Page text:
Monday, November 16, 2015

Tell, don't ask

about rules and principles

Some time ago I wrote about the Law of Demeter, about the advantages of following this law. Today I would like to write about the “Tell, don’t ask” principle. The principle that is, at least in my opinion, the starting point for the mentioned law. Following LoD is one of the consequences of applying the TDA principle.

Ok, but what should we tell and what shouldn’t we ask about anyway?

ask for the result, not for data

In short summary, the TDA principle tells us that instead of asking objects for data we should tell them what the should do and then wait for the result of the operation.

Which means that instead of::
Age age = sebastian.getAge();
if (age >= 18) {

We should write something like this:
if (sebastian.isAdult()) {

Is it better now? Is it easier to read? To understand the meaning of the code?

Unfortunately it is not always obvious which solution is better.

the more you tell, the bigger objects can become...

The example above very well presents what the TDA principle is suppose to protect. I’m talking about encapsulation.
We are not pulling out data from the object. We are not letting them be known to the outside world. We are not working on them directly. Instead, we are telling the object what have to be done and we are waiting for the result.
After all, shouldn't it be an object’s responsibility to operate with its own attributes?

Yet, you cannot be too eager. Encapsulation is important, but it is as well important for an object to have appropriate API. API which allows for comfortable work.
Can you imagine what would happen if we forbade creating a method which would extract data from the object? What would happen if we changed this principle into a law?

should you always “tell”?

Each additional operation is another line of code. It is another responsibility.
These responsibilities are organized around one particular context (specific object), but… isn’t it too much for a single object?

If you wrote your code strictly following the TDA principle, you may encounter two main problems.
Firstly, classes start to grow and grow and, as a result, they become really huge. If encapsulation at all cost becomes your paranoia, you may find yourself in a place where the number of lines of code of classes would be overwhelming and your code would become hard to understand.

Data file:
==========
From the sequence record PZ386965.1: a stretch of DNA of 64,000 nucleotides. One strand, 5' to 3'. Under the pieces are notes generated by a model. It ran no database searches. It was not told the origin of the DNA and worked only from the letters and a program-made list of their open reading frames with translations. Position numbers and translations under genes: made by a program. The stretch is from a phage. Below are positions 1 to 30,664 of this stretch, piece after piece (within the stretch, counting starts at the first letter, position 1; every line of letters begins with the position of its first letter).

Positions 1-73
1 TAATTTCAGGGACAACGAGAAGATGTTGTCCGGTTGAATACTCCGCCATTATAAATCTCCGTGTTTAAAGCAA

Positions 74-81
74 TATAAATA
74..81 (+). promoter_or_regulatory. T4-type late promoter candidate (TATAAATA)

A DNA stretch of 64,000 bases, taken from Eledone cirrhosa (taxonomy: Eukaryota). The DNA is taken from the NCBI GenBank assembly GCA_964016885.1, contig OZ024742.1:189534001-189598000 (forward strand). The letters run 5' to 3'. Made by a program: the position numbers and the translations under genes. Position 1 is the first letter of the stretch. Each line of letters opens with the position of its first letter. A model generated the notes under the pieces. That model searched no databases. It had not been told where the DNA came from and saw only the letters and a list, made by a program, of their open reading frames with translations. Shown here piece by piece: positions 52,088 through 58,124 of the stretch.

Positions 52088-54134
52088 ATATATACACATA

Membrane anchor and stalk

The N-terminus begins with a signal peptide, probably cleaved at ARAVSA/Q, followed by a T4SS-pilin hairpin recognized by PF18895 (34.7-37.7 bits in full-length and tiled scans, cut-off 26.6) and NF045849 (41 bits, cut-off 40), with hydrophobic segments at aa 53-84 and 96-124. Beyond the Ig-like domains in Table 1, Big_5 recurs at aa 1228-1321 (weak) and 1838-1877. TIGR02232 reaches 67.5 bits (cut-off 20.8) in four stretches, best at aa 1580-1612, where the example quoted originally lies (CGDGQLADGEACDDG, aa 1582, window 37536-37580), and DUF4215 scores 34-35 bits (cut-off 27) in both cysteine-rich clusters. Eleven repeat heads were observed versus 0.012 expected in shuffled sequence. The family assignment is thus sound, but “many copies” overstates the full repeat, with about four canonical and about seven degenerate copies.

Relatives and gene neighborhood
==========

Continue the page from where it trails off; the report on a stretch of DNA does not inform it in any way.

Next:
Secondly, increased number of dependencies and responsibilities often goes hand-in-hand with big classes. Yes, code is organized around specific object’s attributes, but many of its methods don’t have any common part.

That’s why you need to care about your object’s size and keep objects as small as possible. It’s good to have objects that provide behavior and protect data. But you have to remember that too much behavior leads to too many responsibilities. And this has a direct impact on complexity of your classes and application.

when there is more than one...

And what in a situation where a particular operation requires data from a few different objects of different type?
Let’s even simplify the problem! Let’s talk about calculations that need data from different objects of the same class. Simple example can be calculation of average age in group of people, where each person is separate object.

How should we do it?

Should we ask for the age:
Age totalAge = Age.NEWLY_BIRTH;

for (Person person : persons) {
    totalAge = totalAge.add(person.getAge());

return totalAge.divide(persons.size());

Or maybe we should start to think how to solve this by telling objects what we want?


As you can see “Tell, don’t ask” principle cannot be treated like the rule of thumb.
We always should keep in mind encapsulation and think at least twice before we would pull out data from the object to the outer world. However, I hope that this article showed you that sometimes it is necessary.

And for those of you who want to find out more about the “Tell, don’t ask” principle, here’s a bunch of useful links:

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